Women We Read This Week

Sarah Schweitzer’s “Chasing Bayla” in The Boston Globe

For the second time in two months, my “Women We Read This Week” pick is a sad, moving story about a whale. But while Leslie Jamison’s 52 Blue was about loneliness and the way we so often transpose our own feelings onto animals, imagining that they feel the same way, “Chasing Bayla” is about the undeniable physical suffering our activities cause to the right whales that migrate up and down North America’s eastern seaboard. It follows Bayla, a young whale so tangled in ropes that they are cutting her open and killing her, and the veterinarian/marine biologist who hopes to save her. It’s fascinating and frustrating. Give it a read.


Rachel Sklar’s “I’m 41, Single and Pregnant: Welcome to the New Normal” on Medium

Rachel Sklar is 41, single, pregnant, and happy. She writes, “For single women, admitting that you want kids when you’re still unattached can feel like exposing a vulnerability.” This is true, and Sklar is helping change the conversation. It is OK to be single and want a baby, to be single and pregnant and happy, to choose to raise a child by yourself. She writes:

Actually, I’ve discovered that I am living a whole new reality for women — that is to say, approaching and experiencing motherhood from outside the narrow bounds of the default, traditional model. You know that model — boy meets girl (the girl is always met, after all!), boy marries girl, boy impregnates girl, smiling happy family ensues. But sometimes boy meets boy, and girl meets girl. Sometimes boy and girl meet, marry, and struggle with that third part — maybe boy has a low sperm count, or girl has uterine fibroids. Sometimes there are basal thermometers and blood tests and injections and ultrasounds and many visits to the doctor. Sometimes girl meets a bunch of different boys and none of them quite take. Sometimes girl says, fuck it, I’ll do it on my own.

We need to have the option to do it on our own. Not all of us are going to want that traditional model or find happiness in it.

Katie McDonough’s “Jian Ghomeshi is my friend, and Jian Ghomeshi beats women” on Salon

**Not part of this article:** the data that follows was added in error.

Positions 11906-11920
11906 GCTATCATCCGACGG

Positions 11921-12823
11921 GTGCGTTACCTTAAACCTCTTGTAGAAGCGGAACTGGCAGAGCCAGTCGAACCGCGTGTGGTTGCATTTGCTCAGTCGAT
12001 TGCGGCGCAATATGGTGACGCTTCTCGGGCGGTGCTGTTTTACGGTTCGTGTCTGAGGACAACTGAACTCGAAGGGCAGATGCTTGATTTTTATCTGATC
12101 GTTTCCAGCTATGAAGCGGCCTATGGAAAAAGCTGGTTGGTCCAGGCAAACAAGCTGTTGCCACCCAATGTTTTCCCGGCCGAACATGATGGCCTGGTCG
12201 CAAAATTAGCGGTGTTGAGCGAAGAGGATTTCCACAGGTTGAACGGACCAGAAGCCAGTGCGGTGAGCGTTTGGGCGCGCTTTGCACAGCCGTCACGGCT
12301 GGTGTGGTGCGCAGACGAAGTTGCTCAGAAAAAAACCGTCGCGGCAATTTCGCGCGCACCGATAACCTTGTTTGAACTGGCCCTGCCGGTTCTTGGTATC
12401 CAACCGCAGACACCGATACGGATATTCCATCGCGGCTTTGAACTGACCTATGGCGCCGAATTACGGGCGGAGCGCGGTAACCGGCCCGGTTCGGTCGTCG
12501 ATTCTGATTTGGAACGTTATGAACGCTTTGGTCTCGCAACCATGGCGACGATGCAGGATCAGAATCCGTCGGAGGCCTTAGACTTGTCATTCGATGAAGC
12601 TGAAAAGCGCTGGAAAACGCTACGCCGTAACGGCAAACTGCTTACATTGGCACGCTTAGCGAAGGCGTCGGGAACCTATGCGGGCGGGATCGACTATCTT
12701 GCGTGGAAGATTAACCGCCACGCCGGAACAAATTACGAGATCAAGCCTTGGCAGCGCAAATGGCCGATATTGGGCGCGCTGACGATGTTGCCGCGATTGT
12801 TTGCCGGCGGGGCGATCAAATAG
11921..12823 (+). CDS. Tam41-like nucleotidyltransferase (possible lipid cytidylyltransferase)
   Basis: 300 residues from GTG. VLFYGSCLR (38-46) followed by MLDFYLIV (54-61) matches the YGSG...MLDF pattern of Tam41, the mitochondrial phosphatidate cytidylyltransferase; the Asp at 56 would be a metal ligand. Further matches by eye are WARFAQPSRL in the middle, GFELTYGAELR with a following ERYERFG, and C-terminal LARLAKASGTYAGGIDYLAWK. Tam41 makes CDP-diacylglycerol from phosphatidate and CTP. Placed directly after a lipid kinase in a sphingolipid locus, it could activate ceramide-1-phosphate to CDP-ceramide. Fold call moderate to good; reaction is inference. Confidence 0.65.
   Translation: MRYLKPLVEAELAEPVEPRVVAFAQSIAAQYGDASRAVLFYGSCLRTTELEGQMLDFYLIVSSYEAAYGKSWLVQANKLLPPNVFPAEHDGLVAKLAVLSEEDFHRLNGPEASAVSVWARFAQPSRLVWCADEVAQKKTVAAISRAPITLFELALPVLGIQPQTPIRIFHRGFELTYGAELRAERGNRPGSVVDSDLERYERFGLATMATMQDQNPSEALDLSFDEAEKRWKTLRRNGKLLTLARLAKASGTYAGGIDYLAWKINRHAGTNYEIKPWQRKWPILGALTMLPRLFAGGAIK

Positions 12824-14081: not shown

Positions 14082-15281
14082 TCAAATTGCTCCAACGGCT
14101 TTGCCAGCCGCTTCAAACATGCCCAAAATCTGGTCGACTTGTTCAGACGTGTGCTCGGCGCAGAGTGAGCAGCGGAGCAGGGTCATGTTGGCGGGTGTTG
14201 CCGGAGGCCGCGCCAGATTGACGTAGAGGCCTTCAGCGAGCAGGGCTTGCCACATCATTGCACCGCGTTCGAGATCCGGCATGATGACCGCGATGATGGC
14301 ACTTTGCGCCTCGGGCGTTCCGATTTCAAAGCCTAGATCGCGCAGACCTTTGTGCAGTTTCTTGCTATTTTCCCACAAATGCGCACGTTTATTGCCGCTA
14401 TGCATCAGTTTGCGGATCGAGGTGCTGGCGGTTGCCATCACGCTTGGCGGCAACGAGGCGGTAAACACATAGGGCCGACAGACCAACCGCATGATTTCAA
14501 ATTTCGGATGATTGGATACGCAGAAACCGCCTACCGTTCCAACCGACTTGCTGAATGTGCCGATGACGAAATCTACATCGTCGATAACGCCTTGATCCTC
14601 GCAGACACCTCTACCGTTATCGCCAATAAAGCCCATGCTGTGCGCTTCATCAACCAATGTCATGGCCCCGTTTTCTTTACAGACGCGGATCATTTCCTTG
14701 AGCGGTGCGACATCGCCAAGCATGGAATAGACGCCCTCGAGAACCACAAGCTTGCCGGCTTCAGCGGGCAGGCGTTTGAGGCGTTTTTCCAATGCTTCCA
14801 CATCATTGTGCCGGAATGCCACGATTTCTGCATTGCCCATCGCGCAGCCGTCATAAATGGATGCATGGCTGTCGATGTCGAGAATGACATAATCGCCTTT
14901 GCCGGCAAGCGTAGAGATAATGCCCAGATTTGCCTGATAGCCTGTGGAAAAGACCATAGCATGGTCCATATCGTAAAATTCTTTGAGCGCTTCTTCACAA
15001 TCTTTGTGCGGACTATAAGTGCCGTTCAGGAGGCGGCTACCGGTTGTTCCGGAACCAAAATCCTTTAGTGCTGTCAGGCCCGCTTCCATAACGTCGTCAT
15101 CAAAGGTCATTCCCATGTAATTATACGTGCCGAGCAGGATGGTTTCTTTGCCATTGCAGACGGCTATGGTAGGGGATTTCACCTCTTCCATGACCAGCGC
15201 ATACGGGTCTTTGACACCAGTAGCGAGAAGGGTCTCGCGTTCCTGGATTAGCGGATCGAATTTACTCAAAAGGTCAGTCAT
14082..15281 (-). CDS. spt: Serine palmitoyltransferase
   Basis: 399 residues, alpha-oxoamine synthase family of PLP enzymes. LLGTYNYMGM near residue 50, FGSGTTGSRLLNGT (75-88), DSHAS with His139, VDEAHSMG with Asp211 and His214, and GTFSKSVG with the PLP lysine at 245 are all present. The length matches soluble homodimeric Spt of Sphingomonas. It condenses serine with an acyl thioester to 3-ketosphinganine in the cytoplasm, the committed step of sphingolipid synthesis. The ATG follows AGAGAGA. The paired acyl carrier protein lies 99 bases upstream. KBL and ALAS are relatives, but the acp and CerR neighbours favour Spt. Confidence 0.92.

Jian Ghomeshi is Canada’s radio sweetheart. Multiple women have accused him of assault. This week Owen Pallet, a close friend of Ghomeshi, wrote an open letter in which he said “Jian Ghomeshi is my friend, and Jian Ghomeshi beats women.” As McDonough reports, many people were shocked by Pallet’s statement and his willingness to believe the women.

In his letter, Pallet wrote:

Jian is my friend. I have appeared twice on Q. But there is no grey area here. Three women have been beaten by Jian Ghomeshi. I have sat with Jian over drinks and discussed our respective anxiety disorders. We have been photographed hugging on camera. Just ten days ago, I helped him find musicians for his father’s funeral. Three women have said that Jian beat them without their consent. “We will never really know what happened.” Yes we do. Jian beat, at the very least, three women. Three women said so. “They were jilted exes.” Maybe so. They were beaten by Jian.“They were freelance writers looking to get ahead.” Three women were beaten by Jian Ghomeshi. At no point here will I ever give my friend Jian’s version of the truth more credence than the version of the truth offered up by three women. Anonymity does not mean these women do not exist.

These women do exist. We need to respect their testimony, and to challenge a culture in which we automatically blame the victim.



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